When Luckie Daniels (Our Georgia Roots & Our Alabama Roots) and Felicia Mathis (Echoes of My Nola Past) invited me to join them on the new African American Genealogy & Slave Ancestry Research (AAGSAR) Group they were launching via Facebook, I had no idea that I would be joining, in my opinion, the BEST collaborative genealogy group for “serious” family historians and researchers. Luckie said it best when she wrote, “Slave Ancestry IS CHALLENGING WORK,” in one of her messages to the group. From that message comes one of the most exciting projects I have ever worked on with a group via the Internet . . . the 2014 Spring Ancestor Challenge – No Brick Walls Permitted!
I have accepted this challenge which officially begins Tuesday, October 1, 2013 and ends April 1, 2014. In essence, this is MY ANCESTOR WORK, but I’m not alone on this journey! I have met some awesome group members who have made the setup and preparation for this challenge so-so sweet (sending a special shout-out to the Texas Tribe . . . woo-hoo!). So I have a support system that is willing to lend a helping hand, consult with me when I need it, and support me when it looks like I don’t know what the heck I’m doing!
So without further adieu, here’s my 2014 Spring Ancestor Challenge . . .
Masters & Slaves: The Texas Routts
To determine the approximate date/location of my 3rd great-grandfather Osborn Routt’s birth in Virginia, as well as the approximate date/location of his death in Washington County, Texas.
William Robert Routt from Northumberland County, Virginia
Joseph William Routt from Huntsville, Madison, Alabama & Chappel Hill, Washington, Texas
Texas – Chappel Hill, Washington County
Alabama – Huntsville, Madison County
Virginia – Northumberland County
It was the “5 Generations” photo I found above in an old family photo album featuring my 97-year-old 2nd great-grandmother, Lula (Routt) Green, that initially launched my research into my father’s side of my family tree. Based on a few names my dad could remember, I was able to glean from the 1870 & 1880 census records that Lula Routt, born 12 September 1867 in Chappel Hill, Washington County, Texas, was the daughter of Osborn and Sallie Routt. Lula was born just 2 short years after slavery ended in Texas. Prior to 1867, her parents were slaves on one of the major plantations in the Washington County, Texas area. To learn more about who the slaveholders were in that area, I wrote to Chappel Hill’s local Historical Society, who put me in contact with one of their respected historians, Nathaniel Winfield, in 1998. It is through email conversations with Mr. Winfield, that I discovered that Osborn & Sallie Routt were probably once slaves on his great-grandfather’s plantation – Mulberry Bower. According to Mr. Winfield, his great-grandfather (Joseph William Routt) came to Chappel Hill, Texas from Huntsville, Alabama in the mid 1840′s. Both the 1870 & 1880 census records report Osborn was born in Virginia about 1835. If Osborn was born in Virginia, how did he end up in Texas on the Mulberry Bower Plantation? Well according to a free Google e-book I was fortunate to download titled, A History of Texas and Texans, Volume 4 by Frank White Johnson, Joseph William Routt was the son of William Robert Routt, ” . . . a slaveholder and planter of Virginia . . . ” So in light of that family connection it is very possible that William Routt may have been the original owner of Osborn which resulted in him being passed down to the son as a part of the father’s estate.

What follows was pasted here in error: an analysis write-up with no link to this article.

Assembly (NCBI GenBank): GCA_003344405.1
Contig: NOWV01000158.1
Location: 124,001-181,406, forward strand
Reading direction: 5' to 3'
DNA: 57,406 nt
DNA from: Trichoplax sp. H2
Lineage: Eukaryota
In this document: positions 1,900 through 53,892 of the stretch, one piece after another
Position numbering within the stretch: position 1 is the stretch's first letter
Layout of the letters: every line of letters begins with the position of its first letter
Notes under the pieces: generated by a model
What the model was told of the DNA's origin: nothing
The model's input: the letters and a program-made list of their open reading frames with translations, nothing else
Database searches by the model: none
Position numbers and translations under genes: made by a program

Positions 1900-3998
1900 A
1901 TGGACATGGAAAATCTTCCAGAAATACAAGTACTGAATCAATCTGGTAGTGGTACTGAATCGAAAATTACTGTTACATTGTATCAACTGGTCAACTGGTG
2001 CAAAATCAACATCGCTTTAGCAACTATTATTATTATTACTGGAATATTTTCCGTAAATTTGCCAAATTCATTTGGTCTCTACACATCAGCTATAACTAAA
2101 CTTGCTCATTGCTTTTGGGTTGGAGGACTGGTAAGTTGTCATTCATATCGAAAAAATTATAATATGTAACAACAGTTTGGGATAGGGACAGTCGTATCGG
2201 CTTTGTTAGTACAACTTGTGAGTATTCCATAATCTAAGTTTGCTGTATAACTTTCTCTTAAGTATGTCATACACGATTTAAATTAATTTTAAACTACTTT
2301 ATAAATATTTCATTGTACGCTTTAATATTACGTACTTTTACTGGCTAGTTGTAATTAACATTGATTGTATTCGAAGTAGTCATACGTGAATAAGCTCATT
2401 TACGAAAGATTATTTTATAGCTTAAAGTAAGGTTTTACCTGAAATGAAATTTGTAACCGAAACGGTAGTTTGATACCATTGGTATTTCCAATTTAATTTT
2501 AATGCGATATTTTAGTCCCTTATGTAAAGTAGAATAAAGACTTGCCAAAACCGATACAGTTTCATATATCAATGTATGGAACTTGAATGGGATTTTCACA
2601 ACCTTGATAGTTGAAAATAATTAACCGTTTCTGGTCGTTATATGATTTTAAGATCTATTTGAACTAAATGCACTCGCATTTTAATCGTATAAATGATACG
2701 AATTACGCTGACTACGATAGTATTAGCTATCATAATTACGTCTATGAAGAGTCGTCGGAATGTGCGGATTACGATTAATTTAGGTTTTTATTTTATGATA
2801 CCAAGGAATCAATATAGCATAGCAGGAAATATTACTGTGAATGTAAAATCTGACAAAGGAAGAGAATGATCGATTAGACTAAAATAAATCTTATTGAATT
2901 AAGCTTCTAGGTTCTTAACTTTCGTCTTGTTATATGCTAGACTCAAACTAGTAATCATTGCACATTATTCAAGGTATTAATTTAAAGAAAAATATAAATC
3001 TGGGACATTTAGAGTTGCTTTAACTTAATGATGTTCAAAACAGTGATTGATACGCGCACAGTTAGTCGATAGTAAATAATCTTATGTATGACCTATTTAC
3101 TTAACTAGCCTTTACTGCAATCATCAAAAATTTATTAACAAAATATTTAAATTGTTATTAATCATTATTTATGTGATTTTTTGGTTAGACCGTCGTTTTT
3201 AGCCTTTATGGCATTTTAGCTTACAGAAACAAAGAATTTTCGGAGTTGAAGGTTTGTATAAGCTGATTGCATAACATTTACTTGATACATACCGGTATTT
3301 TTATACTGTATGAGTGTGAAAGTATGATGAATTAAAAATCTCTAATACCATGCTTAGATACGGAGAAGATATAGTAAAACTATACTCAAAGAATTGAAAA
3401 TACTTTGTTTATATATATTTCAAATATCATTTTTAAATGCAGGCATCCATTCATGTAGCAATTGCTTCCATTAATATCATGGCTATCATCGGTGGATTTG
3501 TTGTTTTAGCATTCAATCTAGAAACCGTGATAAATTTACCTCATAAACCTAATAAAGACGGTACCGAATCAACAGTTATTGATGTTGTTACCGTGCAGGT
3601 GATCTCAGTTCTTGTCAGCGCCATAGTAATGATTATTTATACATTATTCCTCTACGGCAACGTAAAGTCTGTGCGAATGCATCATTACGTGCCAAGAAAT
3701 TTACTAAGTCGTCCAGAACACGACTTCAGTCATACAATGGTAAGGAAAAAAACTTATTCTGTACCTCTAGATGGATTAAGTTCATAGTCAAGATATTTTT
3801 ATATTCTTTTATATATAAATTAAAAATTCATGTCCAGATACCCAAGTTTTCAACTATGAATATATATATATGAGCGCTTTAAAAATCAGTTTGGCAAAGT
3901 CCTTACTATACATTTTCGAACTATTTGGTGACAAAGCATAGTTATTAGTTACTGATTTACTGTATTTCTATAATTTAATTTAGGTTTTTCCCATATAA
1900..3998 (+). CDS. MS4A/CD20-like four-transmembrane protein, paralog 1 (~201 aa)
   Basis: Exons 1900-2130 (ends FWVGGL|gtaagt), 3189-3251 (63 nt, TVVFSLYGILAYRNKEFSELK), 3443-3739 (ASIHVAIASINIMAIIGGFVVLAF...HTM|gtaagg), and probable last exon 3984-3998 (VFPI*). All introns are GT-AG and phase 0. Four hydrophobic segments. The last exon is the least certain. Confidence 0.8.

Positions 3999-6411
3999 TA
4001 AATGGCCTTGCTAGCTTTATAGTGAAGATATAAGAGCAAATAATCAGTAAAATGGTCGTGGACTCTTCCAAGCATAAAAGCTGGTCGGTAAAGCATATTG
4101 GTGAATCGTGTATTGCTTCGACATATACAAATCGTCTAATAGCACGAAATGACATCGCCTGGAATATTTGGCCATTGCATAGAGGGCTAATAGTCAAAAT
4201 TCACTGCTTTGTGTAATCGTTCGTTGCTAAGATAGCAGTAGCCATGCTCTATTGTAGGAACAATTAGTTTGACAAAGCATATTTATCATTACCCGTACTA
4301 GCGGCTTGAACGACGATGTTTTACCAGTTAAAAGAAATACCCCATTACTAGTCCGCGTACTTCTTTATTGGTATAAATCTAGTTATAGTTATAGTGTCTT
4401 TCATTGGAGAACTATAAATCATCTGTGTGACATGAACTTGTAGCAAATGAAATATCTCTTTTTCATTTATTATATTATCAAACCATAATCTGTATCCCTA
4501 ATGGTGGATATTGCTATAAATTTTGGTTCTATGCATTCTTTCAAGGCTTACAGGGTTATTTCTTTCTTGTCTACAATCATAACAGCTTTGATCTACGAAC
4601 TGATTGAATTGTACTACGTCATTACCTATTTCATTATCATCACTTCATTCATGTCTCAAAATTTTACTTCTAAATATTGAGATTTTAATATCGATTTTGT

Related Post - Treasure Chest Thursday: Mulberry Bower
Google Book: A HISTORY OF TEXAS AND TEXANS by Frank White Johnson
Genealogy of the Joseph William Routt Family
Genealogy of the William Robert Routt Family
References Needed for Further Review and Analysis:
Probate Will of William Robert Routt
Probate Will of Joseph William Routt
Estate Inventories for William Routt & Joseph Routt
Insurance Policies for William Routt & Joseph Routt
Plantation Records for William Routt & Joseph Routt (if available)
Sharecropping Records for Osborn Routt
1850 & 1860 US Federal Census Slave Schedules for William Routt & Joseph Routt
Tax Records for William Routt, Joseph Routt, and Osborn Routt
U.S. Federal Census Non-Population Schedules, 1850-1880
U.S. Federal Census Mortality Schedules, 1850-1885
U.S. IRS Tax Assessment Lists, 1862-1918
Washington County, Texas Death Records
Local Histories & Pamphlets
Chancery Records Index
Church & Baptism Records*
For Family, Friends, and Visitors:
What have I missed?
Are there any other references and resources I need to explore?
If yes, let me know in the comment section below!
*Special thanks to Shellye (My Genealogical Journey) for reminding me to include Church & Baptism Records to my list as well!